Henri Christophe of Haiti - World Leaders in History

Born to a slave, Henri Christophe rose through the ranks of the French military before commanding Haitian Revolutionary forces against the French colonials.
Born to a slave, Henri Christophe rose through the ranks of the French military before commanding Haitian Revolutionary forces against the French colonials.

5. Early Life

Henri Christophe was born on October 6th, 1767, in Grenada. His father was a freeman and his mother was a slave. He was brought to Saint-Domingue (then the name for Haiti, which was a French colony at the time) as a slave. In 1780, during the American Revolution, he fought in a French unit at Savanna, Georgia. After the war, he returned to Saint-Domingue, and worked many service jobs. Then he went to work as a domestic in the Couronne Inn, and married the daughter of the proprietor. During that time he also gained his freedom and became a freeman. After the French Revolution broke out, the revolutionary spirit soon spread into Haiti and gave rise to widespread calls for freedom. In 1791, there was a massive slave uprising against the French colonial powers, and Christophe joined the party of the Haitian independence leader, Toussaint Louverture, in 1793. Christophe worked his way up and soon became one of Louverture's chief lieutenants in fighting the French colonists, the British, and the Spaniards, before ultimately fighting French military men that stepped in to unsuccessfully quell the uprising.

4. Rise to Power

After he had joined Jean-Jacques Dessalines, Christophe helped him successfully defeat the French. The colony gained independence in 1804, and was renamed as Haiti. After Dessalines' assassination, Christophe was appointed as president for a four-year term, though he was unhappy with it, and attempted a coup that failed. In 1807, Christophe formed a "State" of Haiti, and set himself up as the ruler of the new state, whereas the southern territory was under the control of rival Alexandre P├ętion. The battles between Christophe and Petion were brutal, and lasted for many years, but Christophe was unable to concur Petion. After a failed siege in 1807, he retreated to the north and focused on establishing a stable government there. After finally reaching an informal peace agreement with Petion, Christophe crowned himself as King of Haiti in 1811.

3. Contributions

Christophe played a crucial in helping facilitate Haiti's achieving of its independence. And then, as a ruler, he set into place a constitution that recognized every person in the State of Haiti as being free, and in doing so abolished slavery once and for all there. He also established a council of state to govern the state more effectively as well. After making himself the King of Haiti, he introduced paid labor, and significantly developed Haiti's economy and integrated it into the world economy as a larger player. Christophe also helped set solid foundations for Haiti's agricultural infrastructure, and also introduced a more advanced, and comprehensive, school system which was based on the British Lancastrian system, which incorporated peer tutoring. Grammar schools were built to provide Haitians with traditional education, and trade schools were also established to help citizens to cultivate practical, professional skills.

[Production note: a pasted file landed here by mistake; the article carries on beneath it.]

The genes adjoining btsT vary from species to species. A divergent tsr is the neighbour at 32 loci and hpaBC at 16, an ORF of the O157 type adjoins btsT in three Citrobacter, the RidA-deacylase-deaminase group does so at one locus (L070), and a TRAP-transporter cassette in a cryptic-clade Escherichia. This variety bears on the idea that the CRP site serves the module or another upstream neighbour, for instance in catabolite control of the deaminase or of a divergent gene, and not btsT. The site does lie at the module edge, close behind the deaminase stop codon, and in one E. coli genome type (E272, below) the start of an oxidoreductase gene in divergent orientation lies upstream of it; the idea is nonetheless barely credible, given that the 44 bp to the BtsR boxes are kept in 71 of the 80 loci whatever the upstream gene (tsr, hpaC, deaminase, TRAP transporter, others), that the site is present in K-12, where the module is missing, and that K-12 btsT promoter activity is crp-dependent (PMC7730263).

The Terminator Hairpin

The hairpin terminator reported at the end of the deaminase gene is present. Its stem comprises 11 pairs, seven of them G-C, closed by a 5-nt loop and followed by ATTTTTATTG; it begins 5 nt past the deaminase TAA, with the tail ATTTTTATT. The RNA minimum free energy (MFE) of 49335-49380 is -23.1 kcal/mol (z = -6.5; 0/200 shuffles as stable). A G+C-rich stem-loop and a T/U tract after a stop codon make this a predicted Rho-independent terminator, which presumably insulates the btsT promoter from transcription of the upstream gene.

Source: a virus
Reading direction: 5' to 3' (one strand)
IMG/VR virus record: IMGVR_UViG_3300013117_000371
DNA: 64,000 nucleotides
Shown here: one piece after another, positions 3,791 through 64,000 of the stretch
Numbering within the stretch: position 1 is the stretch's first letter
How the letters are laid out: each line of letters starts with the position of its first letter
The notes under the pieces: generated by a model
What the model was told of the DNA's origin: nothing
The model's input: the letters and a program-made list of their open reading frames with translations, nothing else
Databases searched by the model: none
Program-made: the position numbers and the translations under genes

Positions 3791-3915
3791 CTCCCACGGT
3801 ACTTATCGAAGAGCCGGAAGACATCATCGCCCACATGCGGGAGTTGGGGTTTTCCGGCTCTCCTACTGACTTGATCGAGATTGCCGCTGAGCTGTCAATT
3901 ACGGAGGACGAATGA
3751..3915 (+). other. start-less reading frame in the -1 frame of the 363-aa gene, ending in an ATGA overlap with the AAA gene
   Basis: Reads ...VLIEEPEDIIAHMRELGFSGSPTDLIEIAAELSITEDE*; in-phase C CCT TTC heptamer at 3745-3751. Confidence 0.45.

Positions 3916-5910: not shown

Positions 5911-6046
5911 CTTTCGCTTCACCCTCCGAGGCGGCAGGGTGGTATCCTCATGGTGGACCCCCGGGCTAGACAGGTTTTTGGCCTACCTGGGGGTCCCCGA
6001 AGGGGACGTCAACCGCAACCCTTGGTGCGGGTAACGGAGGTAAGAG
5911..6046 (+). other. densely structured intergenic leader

2. Challenges

During much of the duration of his reign, Christophe and his Kingdom were under the potential threat of his powerful rival, Petion. Years of civil conflict and war led them to a truce, though not until 1807. Following the truce, he focused all of his efforts into building a strong kingdom. Although Christophe made many accomplishments in the early years of his reign, his power was significantly challenged as time went on. He became more tyrannical and abused his power, and therefore induced distrust and discontent among his officers and advisors. Meanwhile, his order to grant every person in Haiti equal freedom aroused hostility from the mulattos, who believed that they were superior to those of purely African descent, and their stance posed a serious threat to Christophe's rule.

1. Death and Legacy

In 1820, facing a assassination undertaken by the troops and officers, Christophe ordered his loyals to leave, and committed suicide with a pistol in his palace. Today, Christophe is remembered as one of the most important political figures in Haitian history. He helped Haiti to gain its independence from colonial powers, and Haiti was the first country with a majority of people African descent to become independently free from European powers. He also established a stable government in Haiti, and had profound political influence on the country that lasts to this day. His Kingdom became part of the Haitian Republic in 1821 and, although his late policies caused many to become discontent, it was generally recognized that he was a devotee to his country and his people.


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